Templatized customization a.k.a. never give a gun to a monkey

My good friends at Southworks told me about a saying in Argentina going like this: “mas peligroso que mono con navaja” which loosely translates to “never give a gun to a monkey.” This is a very good approach when thinking about the customization features of your SaaS solution.

No, I am not saying that your customers are monkeys 🙂 The point I am trying to make is that when you allow customization of your application in a shared environment (such as a single instance multitenant saas solution) you need to make sure you are not putting too much power in the hands of the “customizers” who could misuse it, either maliciously or most probably mistakenly.

In our LitwareHR sample application, we allow tenants to customize their UI, business processes, data model and roles, but we do not allow “free form” customization. All the customizations are governed through very specific designers offering the appropriate level of “expressiveness”. Allowing the right level of expressiveness is the key element here. If you restrict it too much, the customization looses of its usefulness, if the expressiveness is too large, bad behavior could be introduced.

So from an architecture perspective, we introduced the notion of Templatized Customization. The picture below summarizes the concept, but let me give you some details.

First, you need to define a set of policies that define appropriate behavior in your share environment. Good behavior will depend on many factors, but  will primarly be dicated by making sure that customizations of one tenant will not impact the SLAs that you offer to all the others. Real life examples of policies would be “you can bring only up to 3 guest to the communal swimming pool or take your trash out only on Tuesdays” not that doing differently would be wrong for that tenant (inviting 4 people wouldn’t be too wrong) but if the majority of the tenants were to invite 4 guests, some tenants would not be able to invite guests at all as the pool would be too full. In other words, policies are there to define faireness of usage.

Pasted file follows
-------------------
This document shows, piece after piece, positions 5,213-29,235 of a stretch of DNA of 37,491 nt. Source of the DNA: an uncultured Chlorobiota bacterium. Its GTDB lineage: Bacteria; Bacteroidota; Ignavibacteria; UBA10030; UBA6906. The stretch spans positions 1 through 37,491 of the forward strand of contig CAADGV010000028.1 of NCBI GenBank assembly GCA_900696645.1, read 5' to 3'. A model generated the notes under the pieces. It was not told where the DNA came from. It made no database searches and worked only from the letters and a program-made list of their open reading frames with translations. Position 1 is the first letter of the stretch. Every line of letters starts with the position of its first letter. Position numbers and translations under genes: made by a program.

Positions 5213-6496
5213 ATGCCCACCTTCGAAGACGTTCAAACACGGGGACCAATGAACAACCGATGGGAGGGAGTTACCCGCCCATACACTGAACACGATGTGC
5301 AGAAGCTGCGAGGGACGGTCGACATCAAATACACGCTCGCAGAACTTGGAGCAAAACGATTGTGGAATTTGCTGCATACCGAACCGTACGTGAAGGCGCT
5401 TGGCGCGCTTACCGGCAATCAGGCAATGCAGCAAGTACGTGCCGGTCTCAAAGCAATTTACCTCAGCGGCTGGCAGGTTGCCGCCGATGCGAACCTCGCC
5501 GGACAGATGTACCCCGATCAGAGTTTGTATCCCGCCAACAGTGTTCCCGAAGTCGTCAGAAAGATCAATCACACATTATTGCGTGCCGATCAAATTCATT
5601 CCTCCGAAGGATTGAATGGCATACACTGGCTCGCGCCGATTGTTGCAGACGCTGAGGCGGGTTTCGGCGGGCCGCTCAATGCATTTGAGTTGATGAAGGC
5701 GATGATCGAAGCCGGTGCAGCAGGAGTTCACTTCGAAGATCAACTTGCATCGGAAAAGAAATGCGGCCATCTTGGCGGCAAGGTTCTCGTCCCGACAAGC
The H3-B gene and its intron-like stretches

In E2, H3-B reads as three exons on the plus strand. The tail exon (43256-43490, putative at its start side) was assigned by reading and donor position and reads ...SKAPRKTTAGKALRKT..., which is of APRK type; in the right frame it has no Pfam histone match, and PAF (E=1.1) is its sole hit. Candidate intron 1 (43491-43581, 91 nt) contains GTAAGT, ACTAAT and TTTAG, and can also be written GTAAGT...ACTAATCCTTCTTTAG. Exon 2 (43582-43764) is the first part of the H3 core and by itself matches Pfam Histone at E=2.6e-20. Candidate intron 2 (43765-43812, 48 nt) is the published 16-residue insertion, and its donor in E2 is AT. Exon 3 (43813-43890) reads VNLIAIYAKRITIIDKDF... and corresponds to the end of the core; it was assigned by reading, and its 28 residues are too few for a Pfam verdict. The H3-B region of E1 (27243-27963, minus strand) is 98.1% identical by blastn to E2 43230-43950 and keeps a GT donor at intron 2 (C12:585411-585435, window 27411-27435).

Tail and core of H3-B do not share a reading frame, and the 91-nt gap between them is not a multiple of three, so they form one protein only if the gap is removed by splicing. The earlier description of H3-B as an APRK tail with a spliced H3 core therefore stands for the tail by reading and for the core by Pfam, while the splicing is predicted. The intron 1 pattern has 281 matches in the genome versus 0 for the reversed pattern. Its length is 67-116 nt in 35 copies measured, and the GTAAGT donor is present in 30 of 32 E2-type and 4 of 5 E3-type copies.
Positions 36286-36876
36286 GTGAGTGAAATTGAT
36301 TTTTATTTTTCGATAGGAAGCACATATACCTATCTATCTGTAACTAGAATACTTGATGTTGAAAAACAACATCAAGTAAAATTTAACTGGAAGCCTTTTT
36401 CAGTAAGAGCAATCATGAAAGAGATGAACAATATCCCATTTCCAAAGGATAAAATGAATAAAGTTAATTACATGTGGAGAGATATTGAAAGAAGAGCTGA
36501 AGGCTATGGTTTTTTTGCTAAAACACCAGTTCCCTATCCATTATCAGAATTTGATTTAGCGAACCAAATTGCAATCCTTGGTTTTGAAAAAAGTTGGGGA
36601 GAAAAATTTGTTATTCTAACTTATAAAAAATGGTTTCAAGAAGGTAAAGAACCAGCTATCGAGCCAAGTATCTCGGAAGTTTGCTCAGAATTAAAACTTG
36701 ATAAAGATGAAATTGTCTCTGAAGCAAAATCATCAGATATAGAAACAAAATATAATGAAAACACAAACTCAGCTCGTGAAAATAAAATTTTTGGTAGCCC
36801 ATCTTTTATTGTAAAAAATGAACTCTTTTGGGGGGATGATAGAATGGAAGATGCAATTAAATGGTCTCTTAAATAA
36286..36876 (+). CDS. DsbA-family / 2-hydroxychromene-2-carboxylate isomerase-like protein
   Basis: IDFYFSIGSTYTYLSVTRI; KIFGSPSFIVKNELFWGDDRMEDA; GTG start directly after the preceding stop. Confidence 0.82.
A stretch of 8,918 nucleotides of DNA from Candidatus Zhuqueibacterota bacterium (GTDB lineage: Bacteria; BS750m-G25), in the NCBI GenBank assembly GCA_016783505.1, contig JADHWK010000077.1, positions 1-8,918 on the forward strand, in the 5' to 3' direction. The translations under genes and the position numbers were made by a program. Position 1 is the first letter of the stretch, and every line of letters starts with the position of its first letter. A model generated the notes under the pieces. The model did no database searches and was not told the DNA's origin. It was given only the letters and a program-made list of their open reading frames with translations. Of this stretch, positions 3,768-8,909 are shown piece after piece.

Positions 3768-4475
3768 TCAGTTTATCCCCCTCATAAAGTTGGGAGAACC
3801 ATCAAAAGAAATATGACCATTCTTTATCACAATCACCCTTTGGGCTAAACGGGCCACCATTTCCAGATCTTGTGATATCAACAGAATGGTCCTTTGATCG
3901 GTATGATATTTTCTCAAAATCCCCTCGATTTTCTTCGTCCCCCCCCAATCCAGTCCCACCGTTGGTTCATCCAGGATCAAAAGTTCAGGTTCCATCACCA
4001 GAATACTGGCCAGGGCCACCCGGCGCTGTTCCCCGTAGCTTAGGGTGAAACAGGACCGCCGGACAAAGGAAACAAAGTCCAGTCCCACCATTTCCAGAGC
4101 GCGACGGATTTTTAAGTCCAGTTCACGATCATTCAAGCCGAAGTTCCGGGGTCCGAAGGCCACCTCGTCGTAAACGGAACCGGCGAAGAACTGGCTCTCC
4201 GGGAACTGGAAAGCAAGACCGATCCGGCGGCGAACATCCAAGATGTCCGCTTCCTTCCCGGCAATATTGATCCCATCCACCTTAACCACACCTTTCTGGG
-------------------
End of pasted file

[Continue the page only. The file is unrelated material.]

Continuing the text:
The second step is to create a designer that restrict the customization of the application to only allow policy-compliant behaviors. It would be great to generate the designer directly from the policies description, but we are not there yet. An important aspect you should consider is to offer multiple designers (each with a different level of expressiveness) based on the relationship you have with the customizer. For example, for your standard customers whom you do not know much of, you would offer the standard tool, which offer the most limited level of customization but, on the good side, minimizes the risk of bad behavior. Alternatively, if the customizer is a trusted partner of yours (who (a) knows your application well and therefore is less prone of doing errors and (b) has a vested interest in making sure your application works well) you could imagine to give him a more powerful designer (e.g. a fully fledge workflow designer). Of course this level of expressiveness could allow the introduction of bad behavior (e.g. infinite loop, processes that don’t terminate etc.) but the level of trust in this partner is higher than the risk of bad behavior, which could justify this approach. Another possibility could be to offer yet another set of tools to customers who are willing to pay for additional isolation (i.e. their own server(s)) as having their own server(s) would mitigate the impact of malicious or mistake-driven bad behavior.

In a perfect world, limiting the expressiveness of the various customizers would be sufficient, as only good behavior will be generated out of these designers; but we all know that believing in perfect worlds leads often to disappointment. This is why runtime enforcement or “policing” is required in this architecture. “Runtime policing” makes sure that each tenant behaves in accordance to the rules describing proper behavior.  You can think of the policing as the real life police patrolling the cities at night. In theory, if everybody obeyed the law no police would be needed; but since (apparently) sometime some people go beyond the boundaries imposed by the law, the police is necessary to bring these people back in the right track. Of course, like in real life, the degree of severity applied to the entities breaking the law is very diverse.

So in summary, shared environement (such as single instance multi-tenacy) introduce the need of templatized customization. To manage it, you should consider (a) offering multiple designers with different levels of expressiveness and (b) implement a “runtime police” making sure that everybody is running according to plan.

Although not completly novel, these concepts are usually not typical in the design of “on premise” applications where customization is often let loose, but critical in SaaS environements.



For those of you interested in some “behind the scene” material, here is a video showing the white board discussion I had with Fred and Alex Jack (from Southworks) which led to these concepts.